The trailer of Dilwale was released on November 9 and, to this writer at least, was a damp squib. As much as one had hoped for a rekindling of the romance between SRK and Kajol, the trailer does not give any indication that the film is anything more than a thorough going Rohit Shetty vehicle, with his trademark flying cars and falling goons.
The whole point of bringing Kajol and SRK together, one would imagine, is to let viewers soak in their storied romance. But Kajol does little in the trailer except provide the foil to the arms-spreading SRK pose, in what looked eerily similar to "Sooraj Hua Madham", their song in Kabhie Khushi Kabhi Gham. That song belonged to a film where SRK and Kajol were married from the word go and was thus heralded as a maturing of the young SRK-Kajol romance of DDLJ. Dilwale, in trying to ride that wave, adds nothing new to the chemistry.
Much more footage is given in the trailer to Varun Dhawan who plays SRK's younger brother. The film seems to be a revenge saga in which SRK protects his brother from evil elements, with the women, Kajol and Kriti Sanon, providing no more than a lush backdrop. This is plain sad because Shetty and Co raised expectations among viewers by selling this film as a return of the SRK-Kajol pair.
While Kajol retired after her marriage to Ajay Devgn, SRK has romanced a bevy of younger actresses in the interim. One of his recent outings was with Deepika Padukone in another Rohit Shetty film, Chennai Express. That film relied on SRK's goofy antics and Deepika's star presence to become a Rs 100-crore grosser, but discerning viewers did not "get" it. SRK, in spite of being a thoroughly commercial star, has never epitomised the sort of brainless cinema that has been the territory of, say, a Salman Khan or a Govinda. So what was he doing in a formulaic film now that he is at an age and stature where he can refuse any film?
Commercial considerations might have forced his hand, but there is little denying that some of his fans would want SRK to traverse more mature territory. I for one would love to see him show off his substantial acting chops in a role that makes him do more romantically than serenade a woman and sweep her off her feet. That was (is?) wonderful while it lasted, but can we have something different now?
For starters, SRK and Kajol could have revisited DDLJ in Dilwale. What happens to Raj and Simran after Bauji permits his daughter to go with the man she loves? Do they find happiness? Where are they 10, 20, 30 years later? Are they settled in London, where the film began, or India, where it ended? Do they have children? Has life diminished their passion for one another or are they still going strong?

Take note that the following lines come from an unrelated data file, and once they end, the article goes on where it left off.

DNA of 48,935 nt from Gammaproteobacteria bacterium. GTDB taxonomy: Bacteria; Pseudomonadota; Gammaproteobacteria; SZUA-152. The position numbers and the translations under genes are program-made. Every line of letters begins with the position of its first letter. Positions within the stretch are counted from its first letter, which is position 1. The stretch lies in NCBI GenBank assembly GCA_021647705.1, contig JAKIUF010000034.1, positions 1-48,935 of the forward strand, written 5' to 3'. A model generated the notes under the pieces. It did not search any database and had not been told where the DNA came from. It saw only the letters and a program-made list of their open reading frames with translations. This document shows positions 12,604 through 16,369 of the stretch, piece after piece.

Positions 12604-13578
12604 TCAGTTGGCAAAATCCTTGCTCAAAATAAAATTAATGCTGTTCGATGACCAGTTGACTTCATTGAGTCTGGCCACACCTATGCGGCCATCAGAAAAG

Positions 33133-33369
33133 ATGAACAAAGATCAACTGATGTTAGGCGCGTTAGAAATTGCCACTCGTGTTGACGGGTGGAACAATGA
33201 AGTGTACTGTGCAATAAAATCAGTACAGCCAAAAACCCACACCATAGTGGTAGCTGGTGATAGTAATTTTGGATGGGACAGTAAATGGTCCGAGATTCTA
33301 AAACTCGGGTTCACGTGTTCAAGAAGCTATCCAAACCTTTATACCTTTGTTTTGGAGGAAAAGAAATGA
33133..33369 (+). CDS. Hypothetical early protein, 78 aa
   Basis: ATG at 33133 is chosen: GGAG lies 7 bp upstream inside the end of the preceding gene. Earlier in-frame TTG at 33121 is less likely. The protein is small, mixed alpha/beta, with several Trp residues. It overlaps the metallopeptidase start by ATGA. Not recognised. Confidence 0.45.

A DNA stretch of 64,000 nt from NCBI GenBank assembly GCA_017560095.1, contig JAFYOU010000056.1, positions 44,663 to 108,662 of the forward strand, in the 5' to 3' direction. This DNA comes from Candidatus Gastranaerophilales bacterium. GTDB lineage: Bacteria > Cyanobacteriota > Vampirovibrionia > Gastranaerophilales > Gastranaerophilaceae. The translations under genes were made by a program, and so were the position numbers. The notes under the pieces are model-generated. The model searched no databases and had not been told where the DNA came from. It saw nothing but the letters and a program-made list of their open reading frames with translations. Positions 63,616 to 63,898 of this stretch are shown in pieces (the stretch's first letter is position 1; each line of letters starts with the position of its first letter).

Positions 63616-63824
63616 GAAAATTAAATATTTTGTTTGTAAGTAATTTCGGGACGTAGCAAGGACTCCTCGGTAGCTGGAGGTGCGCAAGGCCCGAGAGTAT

I can almost imagine that film one scene to the next, and when pictures from Dilwale's shoot were shared with the media earlier this year, that is the kind of film I had expected was being made. A film with its still-glorious lead pair that would rework the magic of DDLJ but in another setting. A film that would show us how a young couple, who had discovered love and intimacy first in European holiday destinations and then in the pulsing fields of Punjab, had kept that love alive, if they had kept it alive. A film that would give us a deeper understanding of where success in love leads, and whether the destination is any less charming than the journey.
That unfortunately is not happening. What we seem to have, on the other hand, is a mishmash of old tropes that have worked for SRK in the past. There is the brotherly love, seen in such films as Main Hoon Na and Kabhie Khushi Kabhie Gham; there is the glamour of young romance, but helmed here by Varun and Kriti; there is action and there is comedy. It's a masala entertainer, which is only expected since this is a Rohit Shetty film we are talking about. And yet!
Perhaps it would take another director - Aditya Chopra? - to pick up the gauntlet and make that long-overdue sequel to DDLJ. SRK and Kajol are too special a pair to give them screen time amidst a whole lot of other stuff happening. They deserve their own love song, their own final hurrah. On to the next one, then.